Seven people convicted of being part of a Scottish child abuse ring which committed crimes of “extraordinary depravity” are facing possible life sentences.
The two women and five men were all convicted of gang raping a child, and abusing other children.
Some were convicted of harming two children, and others of abusing three children, in a drugs den in Glasgow where heroin and crack cocaine were used.
Judge Lord Beckett warned of “very substantial” jail terms for “extraordinary depravity”, after revealing he was considering if an order for lifelong restriction should be imposed when the defendants appeared in court last week.
The order monitors high-risk offenders for the rest of their lives if they are deemed suitable for release from prison after serving a minimum punishment period.
Criteria considered include if the abusers would potentially “seriously endanger the lives or physical or psychological wellbeing of the public at large”
On Tuesday, Iain Owens, 45; Elaine Lannery, 39; Lesley Williams, 41; Paul Brannan, 41; Scott Forbes, 50; Barry Watson, 47; and John Clark, 47, face jail after risk assessments were commissioned by Lord Beckett.
Four of the group: Owens, Lannery, Brannan and Williams, were found guilty of attempting to murder a child by pushing her into a microwave and trapping her in other places.
All seven were found guilty of taking part in the gang rape of a child, following an eight-week trial at the High Court in Glasgow.
An eighth person, Marianne Gallagher, 38, who was found guilty of assaulting a child, was given a deferred sentence until January 2025.
The offences, involving three children, happened between 2012 and 2019.
Owens and Lannery were also convicted of multiple counts of assault, sexual assault and causing a child to ingest drugs and alcohol.
Williams was also found guilty of assault and supplying drugs.
Brannan was further convicted of sexual assault, causing children to consume drugs and alcohol and supplying class A drugs.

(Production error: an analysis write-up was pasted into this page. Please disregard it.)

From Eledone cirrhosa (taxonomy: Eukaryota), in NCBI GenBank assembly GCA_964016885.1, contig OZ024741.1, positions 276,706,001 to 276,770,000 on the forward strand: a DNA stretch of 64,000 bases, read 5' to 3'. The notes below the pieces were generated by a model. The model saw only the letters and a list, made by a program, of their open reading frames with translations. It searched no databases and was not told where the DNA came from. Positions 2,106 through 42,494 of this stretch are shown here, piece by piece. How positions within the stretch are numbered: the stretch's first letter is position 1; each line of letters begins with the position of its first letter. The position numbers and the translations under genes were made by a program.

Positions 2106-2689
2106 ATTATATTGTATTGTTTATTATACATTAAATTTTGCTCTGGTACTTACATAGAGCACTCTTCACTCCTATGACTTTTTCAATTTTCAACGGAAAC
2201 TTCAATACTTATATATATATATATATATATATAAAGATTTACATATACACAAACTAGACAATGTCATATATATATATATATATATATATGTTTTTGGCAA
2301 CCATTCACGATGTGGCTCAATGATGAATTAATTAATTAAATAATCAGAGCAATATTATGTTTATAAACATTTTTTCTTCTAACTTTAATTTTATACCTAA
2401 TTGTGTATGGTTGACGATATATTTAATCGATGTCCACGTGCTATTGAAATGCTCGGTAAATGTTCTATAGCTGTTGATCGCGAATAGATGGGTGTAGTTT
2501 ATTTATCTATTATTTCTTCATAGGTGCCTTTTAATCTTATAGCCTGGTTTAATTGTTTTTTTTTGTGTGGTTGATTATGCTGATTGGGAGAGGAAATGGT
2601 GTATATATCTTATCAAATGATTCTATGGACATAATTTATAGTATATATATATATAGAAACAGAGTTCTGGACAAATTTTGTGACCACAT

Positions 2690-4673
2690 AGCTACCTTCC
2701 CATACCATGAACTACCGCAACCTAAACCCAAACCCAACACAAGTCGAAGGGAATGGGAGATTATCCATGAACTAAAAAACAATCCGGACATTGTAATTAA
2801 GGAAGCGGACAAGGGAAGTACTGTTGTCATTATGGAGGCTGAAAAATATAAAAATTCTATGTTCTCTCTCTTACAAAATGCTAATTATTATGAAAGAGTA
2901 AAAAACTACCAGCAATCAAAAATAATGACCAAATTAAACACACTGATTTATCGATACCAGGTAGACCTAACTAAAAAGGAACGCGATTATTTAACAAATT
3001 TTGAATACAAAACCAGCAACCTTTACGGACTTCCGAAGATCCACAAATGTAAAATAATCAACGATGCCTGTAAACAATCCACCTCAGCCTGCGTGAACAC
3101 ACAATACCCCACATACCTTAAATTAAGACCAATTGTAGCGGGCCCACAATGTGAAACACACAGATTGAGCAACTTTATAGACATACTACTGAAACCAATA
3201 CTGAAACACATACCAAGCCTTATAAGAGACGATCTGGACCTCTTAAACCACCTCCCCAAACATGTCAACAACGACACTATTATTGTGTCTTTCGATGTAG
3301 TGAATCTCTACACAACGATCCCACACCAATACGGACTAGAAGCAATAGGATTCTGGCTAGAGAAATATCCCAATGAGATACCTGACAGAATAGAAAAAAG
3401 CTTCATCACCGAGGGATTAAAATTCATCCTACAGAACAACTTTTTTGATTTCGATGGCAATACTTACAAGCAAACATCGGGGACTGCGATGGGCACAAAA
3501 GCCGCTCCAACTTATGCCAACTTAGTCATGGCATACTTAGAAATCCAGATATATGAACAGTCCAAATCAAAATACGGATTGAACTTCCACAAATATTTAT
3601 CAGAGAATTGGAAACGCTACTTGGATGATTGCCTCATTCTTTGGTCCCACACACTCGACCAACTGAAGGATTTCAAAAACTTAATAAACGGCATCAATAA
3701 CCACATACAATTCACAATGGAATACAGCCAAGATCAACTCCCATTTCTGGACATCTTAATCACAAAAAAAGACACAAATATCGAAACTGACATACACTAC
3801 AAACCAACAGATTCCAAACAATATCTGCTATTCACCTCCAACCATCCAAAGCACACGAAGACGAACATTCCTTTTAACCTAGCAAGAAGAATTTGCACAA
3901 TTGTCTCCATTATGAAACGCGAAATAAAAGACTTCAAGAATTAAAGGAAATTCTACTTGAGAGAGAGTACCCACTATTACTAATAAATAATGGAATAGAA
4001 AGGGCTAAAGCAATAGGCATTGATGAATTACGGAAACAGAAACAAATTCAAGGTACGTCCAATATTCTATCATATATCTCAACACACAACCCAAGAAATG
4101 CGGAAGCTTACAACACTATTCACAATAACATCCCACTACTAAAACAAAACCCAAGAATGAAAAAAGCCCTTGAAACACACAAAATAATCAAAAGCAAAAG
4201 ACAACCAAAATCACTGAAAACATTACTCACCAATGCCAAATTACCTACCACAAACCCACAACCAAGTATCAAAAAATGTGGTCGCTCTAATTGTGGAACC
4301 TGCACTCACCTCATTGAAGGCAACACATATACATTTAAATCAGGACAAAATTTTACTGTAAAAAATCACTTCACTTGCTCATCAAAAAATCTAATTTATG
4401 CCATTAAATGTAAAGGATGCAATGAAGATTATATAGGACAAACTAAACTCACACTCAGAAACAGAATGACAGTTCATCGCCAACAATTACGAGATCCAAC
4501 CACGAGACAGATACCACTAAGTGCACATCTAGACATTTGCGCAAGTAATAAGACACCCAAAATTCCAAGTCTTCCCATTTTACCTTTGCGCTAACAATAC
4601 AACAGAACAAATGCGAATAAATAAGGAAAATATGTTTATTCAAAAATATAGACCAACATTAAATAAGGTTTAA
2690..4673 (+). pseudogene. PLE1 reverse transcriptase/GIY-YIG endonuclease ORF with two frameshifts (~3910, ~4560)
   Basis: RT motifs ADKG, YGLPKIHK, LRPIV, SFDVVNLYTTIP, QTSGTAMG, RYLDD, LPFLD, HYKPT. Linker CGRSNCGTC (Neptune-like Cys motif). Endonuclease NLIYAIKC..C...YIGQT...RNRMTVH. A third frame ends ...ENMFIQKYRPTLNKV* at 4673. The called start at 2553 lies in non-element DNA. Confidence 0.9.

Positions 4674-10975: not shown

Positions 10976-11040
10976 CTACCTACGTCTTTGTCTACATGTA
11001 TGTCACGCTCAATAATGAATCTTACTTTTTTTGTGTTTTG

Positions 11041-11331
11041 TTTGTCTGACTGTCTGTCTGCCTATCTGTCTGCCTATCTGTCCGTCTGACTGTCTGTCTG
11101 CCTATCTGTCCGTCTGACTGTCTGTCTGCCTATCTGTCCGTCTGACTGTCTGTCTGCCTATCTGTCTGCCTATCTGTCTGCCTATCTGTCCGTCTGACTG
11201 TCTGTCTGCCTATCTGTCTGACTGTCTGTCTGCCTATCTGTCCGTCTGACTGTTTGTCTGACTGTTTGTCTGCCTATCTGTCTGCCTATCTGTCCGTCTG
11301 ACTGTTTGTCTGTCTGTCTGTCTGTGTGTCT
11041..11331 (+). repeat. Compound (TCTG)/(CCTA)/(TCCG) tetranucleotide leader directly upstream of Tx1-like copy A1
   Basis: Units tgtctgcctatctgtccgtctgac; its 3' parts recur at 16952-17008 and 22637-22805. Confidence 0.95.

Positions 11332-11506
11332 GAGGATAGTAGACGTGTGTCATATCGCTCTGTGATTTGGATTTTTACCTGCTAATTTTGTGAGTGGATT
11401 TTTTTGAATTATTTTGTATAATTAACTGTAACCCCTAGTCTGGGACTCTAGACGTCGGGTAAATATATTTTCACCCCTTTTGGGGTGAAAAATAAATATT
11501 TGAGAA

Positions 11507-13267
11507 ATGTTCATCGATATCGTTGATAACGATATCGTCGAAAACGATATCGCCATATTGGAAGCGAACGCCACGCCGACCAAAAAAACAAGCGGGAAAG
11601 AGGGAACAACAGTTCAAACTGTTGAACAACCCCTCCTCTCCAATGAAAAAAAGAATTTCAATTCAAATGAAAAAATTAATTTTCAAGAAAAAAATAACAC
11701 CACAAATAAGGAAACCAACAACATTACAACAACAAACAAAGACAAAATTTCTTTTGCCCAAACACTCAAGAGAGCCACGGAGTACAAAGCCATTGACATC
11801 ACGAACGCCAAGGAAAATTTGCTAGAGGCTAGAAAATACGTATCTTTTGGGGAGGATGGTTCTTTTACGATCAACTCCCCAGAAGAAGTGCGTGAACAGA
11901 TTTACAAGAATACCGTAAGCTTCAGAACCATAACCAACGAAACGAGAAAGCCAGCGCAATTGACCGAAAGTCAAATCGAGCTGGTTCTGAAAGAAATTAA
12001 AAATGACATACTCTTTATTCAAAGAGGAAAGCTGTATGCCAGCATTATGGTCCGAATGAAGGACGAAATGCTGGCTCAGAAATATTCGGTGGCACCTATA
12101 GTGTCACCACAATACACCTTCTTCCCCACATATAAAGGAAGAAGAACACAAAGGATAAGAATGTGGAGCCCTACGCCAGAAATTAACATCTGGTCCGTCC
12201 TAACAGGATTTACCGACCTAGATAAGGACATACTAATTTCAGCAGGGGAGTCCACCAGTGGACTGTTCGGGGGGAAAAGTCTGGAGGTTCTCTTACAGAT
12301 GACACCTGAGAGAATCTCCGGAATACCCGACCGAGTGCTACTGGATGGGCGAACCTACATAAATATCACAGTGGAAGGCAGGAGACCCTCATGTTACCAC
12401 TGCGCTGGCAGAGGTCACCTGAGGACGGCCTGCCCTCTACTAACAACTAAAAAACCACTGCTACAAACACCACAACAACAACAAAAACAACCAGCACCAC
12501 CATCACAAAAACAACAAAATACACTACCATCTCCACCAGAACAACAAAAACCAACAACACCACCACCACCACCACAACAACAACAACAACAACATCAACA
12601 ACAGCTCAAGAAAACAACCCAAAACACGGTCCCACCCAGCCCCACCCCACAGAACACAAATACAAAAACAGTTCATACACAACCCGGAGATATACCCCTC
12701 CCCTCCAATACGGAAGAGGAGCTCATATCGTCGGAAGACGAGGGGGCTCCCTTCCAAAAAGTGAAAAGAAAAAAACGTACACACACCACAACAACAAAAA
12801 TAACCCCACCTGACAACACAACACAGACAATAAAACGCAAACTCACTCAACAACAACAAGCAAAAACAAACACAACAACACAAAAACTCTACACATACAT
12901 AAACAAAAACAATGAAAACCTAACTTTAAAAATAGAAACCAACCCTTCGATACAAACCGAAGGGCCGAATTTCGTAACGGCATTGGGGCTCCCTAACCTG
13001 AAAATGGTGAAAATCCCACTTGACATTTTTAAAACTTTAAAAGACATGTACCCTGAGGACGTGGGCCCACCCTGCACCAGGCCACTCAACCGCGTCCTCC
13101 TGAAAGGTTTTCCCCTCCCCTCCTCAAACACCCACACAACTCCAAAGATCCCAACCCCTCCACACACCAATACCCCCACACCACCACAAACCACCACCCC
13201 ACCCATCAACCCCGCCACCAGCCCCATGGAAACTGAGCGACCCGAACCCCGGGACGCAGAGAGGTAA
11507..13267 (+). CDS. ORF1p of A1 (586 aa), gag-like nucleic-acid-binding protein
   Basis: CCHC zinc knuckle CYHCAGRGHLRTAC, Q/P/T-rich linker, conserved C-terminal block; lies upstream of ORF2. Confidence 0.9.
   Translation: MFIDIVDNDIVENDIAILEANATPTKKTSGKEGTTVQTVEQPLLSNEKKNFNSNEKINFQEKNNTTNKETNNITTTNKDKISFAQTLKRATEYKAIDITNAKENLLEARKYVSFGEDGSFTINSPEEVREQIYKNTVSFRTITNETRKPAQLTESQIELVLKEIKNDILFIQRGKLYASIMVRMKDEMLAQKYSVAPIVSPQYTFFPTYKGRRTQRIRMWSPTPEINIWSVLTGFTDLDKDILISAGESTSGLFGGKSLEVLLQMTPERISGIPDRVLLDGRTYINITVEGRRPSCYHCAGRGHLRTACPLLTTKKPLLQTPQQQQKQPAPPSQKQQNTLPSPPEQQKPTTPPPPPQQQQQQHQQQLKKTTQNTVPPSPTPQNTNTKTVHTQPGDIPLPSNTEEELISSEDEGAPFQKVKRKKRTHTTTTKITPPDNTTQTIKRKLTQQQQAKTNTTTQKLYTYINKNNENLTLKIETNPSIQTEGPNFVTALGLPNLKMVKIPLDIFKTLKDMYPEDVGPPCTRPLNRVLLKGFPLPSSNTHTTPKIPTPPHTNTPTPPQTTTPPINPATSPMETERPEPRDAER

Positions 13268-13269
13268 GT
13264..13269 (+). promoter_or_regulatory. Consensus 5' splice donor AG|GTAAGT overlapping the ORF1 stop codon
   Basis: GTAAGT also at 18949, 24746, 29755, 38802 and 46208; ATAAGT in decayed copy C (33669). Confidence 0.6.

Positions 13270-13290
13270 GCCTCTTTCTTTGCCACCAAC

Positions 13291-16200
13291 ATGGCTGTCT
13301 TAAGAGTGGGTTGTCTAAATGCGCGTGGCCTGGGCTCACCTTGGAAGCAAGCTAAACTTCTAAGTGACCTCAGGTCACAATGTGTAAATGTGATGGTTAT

Watson and Clark were also found guilty of sexual assault.
Three of those on trial: Mark Carr, 49; Richard Gachagan, 46; and Leona Laing, 51, were acquitted of all charges.
An allegation that the accused used a Ouija board to “call on spirits and demons” causing the child victims to “believe that they could see, hear and communicate with spirits and demons” and making them take part in “witchcraft”, was dropped by prosecutors during the trial.
Lord Beckett said previously: “Some of you have been convicted of sexually abusing three children and some of two children.
“The common denominator was the repeated sexual assault of a very young child, payment was sought and accepted, some of the events were filmed. This extraordinary depravity was repeated on a number of occasions.
“All the sex offences are of extreme gravity and accompanied for some of you by attempted murder.”
He added: “It appears to me, in the case of each of you may be such, there is a likelihood that, if at liberty, there is a risk you will seriously endanger the lives or physical or psychological wellbeing of the public at large, particularly young children.
“You are not all in the same position. You should understand that each of you faces a very substantial prison sentence.”
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